Dr Russ Blog - Calcium Supplements - Yes or No?
Calcium Supplements - Yes or No?
Created on 3/7/2013
Back in 2010 in this Blog I first discussed the possibility that calcium supplements might contribute to the development of cardiovascular disease. As you may have seen in the news, recent data have increased concerns about the safety of calcium supplements.
What to do?
First, men should not need to take calcium supplements unless they have known osteoporosis or some other medical condition that mandates it.
Women, on the other hand, have long been advised to take 1,000-1,500 mg of calcium daily. Now even the US Preventive Task Force recommends against widespread use of high-dose calcium supplementation.
You need sufficient levels of vitamin D in order to absorb calcium, so a good step moving forward might be speaking with your doctor about getting a vitamin D level drawn and supplementing with vitamin D3 in an appropriate manner based on the test results.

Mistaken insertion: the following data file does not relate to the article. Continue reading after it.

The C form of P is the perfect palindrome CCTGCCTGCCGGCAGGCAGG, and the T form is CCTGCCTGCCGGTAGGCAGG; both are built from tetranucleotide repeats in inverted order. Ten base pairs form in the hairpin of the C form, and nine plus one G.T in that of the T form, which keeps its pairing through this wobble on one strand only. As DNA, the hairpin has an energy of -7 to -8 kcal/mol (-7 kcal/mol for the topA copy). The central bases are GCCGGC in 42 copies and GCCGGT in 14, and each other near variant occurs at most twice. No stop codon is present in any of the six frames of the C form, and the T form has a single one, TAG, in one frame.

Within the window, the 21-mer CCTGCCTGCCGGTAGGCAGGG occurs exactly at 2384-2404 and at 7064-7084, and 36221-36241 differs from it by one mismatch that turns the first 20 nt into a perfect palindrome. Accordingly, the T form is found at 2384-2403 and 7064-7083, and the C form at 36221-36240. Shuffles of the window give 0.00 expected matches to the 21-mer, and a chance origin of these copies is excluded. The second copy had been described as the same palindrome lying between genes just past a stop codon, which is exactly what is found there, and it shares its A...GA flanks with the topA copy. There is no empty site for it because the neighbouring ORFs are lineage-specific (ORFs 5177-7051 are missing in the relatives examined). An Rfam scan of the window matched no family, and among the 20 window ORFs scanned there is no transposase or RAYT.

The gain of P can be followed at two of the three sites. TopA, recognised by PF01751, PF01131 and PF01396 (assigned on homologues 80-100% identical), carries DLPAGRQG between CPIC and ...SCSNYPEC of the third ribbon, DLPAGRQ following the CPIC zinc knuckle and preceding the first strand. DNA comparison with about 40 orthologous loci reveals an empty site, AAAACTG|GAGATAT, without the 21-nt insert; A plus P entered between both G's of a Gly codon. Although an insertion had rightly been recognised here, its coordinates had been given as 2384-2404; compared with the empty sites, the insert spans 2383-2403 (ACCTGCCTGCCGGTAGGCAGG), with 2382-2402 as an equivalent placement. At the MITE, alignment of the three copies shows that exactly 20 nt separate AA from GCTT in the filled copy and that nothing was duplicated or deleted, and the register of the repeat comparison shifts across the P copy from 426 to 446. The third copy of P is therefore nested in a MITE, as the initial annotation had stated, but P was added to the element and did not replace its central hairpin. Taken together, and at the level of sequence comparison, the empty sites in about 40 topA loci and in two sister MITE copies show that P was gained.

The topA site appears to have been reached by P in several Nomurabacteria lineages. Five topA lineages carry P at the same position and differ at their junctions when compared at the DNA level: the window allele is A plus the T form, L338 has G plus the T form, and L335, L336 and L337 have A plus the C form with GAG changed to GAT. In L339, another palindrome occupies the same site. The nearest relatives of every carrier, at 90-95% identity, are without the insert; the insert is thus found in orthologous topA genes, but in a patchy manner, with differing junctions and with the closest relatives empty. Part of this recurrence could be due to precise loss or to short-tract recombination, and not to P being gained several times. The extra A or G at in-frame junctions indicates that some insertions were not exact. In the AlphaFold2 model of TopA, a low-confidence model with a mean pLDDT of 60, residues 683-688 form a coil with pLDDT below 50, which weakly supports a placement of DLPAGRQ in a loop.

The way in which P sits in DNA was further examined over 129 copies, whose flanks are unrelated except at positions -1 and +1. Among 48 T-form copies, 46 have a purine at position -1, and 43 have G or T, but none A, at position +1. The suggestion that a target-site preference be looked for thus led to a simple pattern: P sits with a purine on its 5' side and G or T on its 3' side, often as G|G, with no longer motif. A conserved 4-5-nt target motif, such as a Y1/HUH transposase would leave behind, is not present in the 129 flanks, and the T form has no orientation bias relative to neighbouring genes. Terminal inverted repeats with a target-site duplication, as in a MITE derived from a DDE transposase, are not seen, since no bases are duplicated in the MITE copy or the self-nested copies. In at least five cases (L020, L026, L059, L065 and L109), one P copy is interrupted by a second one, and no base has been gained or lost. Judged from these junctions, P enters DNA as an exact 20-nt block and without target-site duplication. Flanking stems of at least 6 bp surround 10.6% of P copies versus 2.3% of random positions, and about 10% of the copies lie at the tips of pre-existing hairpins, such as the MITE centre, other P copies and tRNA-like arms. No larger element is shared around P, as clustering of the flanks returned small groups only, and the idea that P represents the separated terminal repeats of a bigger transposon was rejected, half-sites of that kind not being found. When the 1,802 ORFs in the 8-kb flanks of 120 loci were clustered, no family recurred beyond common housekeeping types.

Beyond that, however, most people can get adequate intake of calcium by focusing on the eating of calcium-rich foods. Everyone knows about dairy and calcium, but there are plenty of other options including calcium-set tofu, broccoli, salmon, sardines (with bones), and leafy greens like kale and collards.
People at high risk for, or who have, osteoporosis might still benefit from taking calcium - your doctor(s) should help you make this decision. If you do take calcium, however, less appears to be more - an appropriate dose might be 250 mg in the morning and 250 mg at night.
** Information on this web site is provided for informational purposes only and is not intended as a substitute for the advice provided by your physician or other healthcare professional. You should not use the information on this web site for diagnosing or treating a health problem or disease, or prescribing any medication or other treatment. **
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